Babies' first words are music to parents' ears. But how can you tell if a child's speech and language skills are on track?
Children learn to speak at their own pace. But markers, known as milestones, can be a guide to a child's ability to talk. These milestones help health care providers know when a child might need extra help.
By the end of 3 months
By the end of three months, your child might:
- Smile when you appear.
- Make cooing sounds.
- Quiet or smile when spoken to.
- Seem to know your voice.
- Have different cries for different needs.
By the end of 6 months
By the end of six months, your child might:
- Make gurgling sounds when playing.
- Babble and make a range of sounds.
- Use the voice to show likes and dislikes.
- Move eyes toward sounds.
- Respond to changes in the tone of your voice.
- Notice that some toys make sounds.
- Notice music.
By the end of 12 months
By the end of 12 months, your child might:
- Try copying speech sounds.
- Say a few words, such as "dada," "mama" and "uh-oh."
- Understand simple commands, such as "Come here."
- Know words for common items, such as "shoe."
- Turn and look towards sounds.
By the end of 18 months
By the end of 18 months, your child might:
- Know names of people, objects and body parts.
- Follow simple commands that are given with gestures.
- Say as many as 10 words.
By the end of 24 months
By the end of 24 months, your child might:
- Use simple phrases, such as "more milk."
- Ask one- to two-word questions, such as "Go bye-bye?"
- Follow simple commands and understand simple questions.
- Speak about 50 or more words.
- Speak well enough so that you or another caregiver can understand at least half the time.
When to check with your child's health care provider
Talk to your child's care provider if you're worried that your child has a speech delay. Speech delays occur for many reasons. These include hearing loss and other developmental issues. Your child's care provider might refer your child to a hearing specialist, known as an audiologist, or a specialist in speech and language, known as a speech-language pathologist.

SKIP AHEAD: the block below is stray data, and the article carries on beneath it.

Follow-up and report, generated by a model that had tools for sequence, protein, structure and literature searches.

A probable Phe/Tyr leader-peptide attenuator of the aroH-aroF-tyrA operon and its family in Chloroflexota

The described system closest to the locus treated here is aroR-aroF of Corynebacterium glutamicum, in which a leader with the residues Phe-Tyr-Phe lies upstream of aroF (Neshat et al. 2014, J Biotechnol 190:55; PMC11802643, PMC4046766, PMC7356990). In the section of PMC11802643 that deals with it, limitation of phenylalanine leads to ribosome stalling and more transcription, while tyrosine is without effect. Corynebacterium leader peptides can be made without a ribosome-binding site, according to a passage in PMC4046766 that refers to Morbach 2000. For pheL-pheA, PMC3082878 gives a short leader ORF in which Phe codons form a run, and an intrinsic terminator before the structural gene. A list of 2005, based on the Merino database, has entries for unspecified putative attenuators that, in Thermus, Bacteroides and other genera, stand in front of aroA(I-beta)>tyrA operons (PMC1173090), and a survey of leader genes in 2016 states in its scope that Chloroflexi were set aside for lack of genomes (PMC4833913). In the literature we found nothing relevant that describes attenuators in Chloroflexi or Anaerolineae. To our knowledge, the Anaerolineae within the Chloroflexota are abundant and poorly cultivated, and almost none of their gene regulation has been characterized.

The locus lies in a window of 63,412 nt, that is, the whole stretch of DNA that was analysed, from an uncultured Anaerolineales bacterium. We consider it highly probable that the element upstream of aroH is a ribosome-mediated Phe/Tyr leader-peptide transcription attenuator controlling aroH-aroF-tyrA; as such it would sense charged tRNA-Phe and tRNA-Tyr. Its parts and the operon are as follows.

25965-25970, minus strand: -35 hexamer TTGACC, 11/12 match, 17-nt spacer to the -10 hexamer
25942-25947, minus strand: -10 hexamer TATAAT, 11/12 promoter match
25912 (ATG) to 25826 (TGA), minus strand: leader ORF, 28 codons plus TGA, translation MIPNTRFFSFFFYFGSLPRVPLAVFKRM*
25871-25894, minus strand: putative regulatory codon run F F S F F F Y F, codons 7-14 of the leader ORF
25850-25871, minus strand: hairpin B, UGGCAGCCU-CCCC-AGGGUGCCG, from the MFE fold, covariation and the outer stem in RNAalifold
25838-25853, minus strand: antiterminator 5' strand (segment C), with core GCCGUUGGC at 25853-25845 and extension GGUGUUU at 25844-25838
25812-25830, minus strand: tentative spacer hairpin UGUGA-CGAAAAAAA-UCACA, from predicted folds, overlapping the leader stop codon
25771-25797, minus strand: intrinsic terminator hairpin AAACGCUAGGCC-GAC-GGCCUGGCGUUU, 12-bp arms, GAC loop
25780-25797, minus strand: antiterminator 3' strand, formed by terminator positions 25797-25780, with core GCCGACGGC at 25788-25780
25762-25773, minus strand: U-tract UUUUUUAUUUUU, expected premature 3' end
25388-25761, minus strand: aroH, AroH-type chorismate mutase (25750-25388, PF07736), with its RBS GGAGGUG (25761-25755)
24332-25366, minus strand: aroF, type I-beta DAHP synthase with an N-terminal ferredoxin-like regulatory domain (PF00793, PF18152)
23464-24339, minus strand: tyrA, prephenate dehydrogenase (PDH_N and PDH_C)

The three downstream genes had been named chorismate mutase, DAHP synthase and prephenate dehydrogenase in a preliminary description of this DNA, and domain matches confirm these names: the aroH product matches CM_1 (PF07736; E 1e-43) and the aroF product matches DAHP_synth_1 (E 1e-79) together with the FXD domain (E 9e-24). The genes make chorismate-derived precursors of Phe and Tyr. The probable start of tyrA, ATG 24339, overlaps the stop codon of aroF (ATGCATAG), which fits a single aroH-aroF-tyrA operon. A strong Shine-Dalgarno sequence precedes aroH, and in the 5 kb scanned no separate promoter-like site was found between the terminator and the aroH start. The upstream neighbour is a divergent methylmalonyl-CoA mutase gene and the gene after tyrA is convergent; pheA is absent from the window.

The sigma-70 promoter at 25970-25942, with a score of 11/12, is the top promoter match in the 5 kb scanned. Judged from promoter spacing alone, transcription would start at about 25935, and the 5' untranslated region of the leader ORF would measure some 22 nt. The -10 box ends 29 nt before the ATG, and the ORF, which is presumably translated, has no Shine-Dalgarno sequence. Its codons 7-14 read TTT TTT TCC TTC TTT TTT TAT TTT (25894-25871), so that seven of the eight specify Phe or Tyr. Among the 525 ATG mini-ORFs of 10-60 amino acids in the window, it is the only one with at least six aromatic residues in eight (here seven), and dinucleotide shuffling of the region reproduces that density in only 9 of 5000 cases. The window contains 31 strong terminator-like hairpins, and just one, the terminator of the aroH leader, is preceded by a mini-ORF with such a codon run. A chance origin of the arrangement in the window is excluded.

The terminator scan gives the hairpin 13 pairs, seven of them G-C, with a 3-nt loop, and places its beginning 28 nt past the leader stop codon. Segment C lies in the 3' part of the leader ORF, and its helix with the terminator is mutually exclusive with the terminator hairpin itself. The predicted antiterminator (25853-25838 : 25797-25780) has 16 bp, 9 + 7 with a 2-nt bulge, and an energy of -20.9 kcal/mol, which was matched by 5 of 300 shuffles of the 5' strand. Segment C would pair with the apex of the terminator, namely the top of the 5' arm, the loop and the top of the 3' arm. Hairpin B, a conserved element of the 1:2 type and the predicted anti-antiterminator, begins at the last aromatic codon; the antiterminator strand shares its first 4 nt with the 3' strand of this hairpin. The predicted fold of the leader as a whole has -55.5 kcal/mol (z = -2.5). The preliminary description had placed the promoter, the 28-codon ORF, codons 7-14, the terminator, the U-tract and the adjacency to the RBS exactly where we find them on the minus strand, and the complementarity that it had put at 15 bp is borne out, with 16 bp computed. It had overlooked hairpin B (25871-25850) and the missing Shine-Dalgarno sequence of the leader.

If your child hears or speaks two languages, a bilingual speech-language pathologist can test your child in both languages.
To help your child talk, talk to your child. Talk about what you're doing and where you're going. Sing songs, read stories and count together. Teach your child to copy actions, such as clapping, and to make animal sounds.
Show that you're pleased when your child speaks. Repeat the sounds your child makes. A little "baby talk" is OK. But keep in mind that your child learns to speak by copying you.
March 11, 2023
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See more In-depth
- Kliegman RM, et al. Language development and communication disorders. In: Nelson Textbook of Pediatrics. 21st ed. Elsevier; 2020. https://www.clinicalkey.com. Accessed Feb. 9, 2023.
- Birth to one year: What should my child be able to do? American Speech-Language-Hearing Association. https://www.asha.org/public/speech/development/01/. Accessed Feb. 9, 2023.
- Kliegman RM, et al. The second year. In: Nelson Textbook of Pediatrics. 21st ed. Elsevier; 2020. https://www.clinicalkey.com. Accessed Feb. 9, 2023.
- One to two years: What should my child be able to do? American Speech-Language-Hearing Association. https://www.asha.org/public/speech/development/12/. Accessed Feb. 9, 2023.
- Speech and language developmental milestones. National Institute on Deafness and Other Communication Disorders. https://www.nidcd.nih.gov/health/speech-and-language. Accessed Feb. 9, 2023.
- Hoecker JL (expert opinion). Mayo Clinic, Rochester, Minn. Feb. 22, 2019.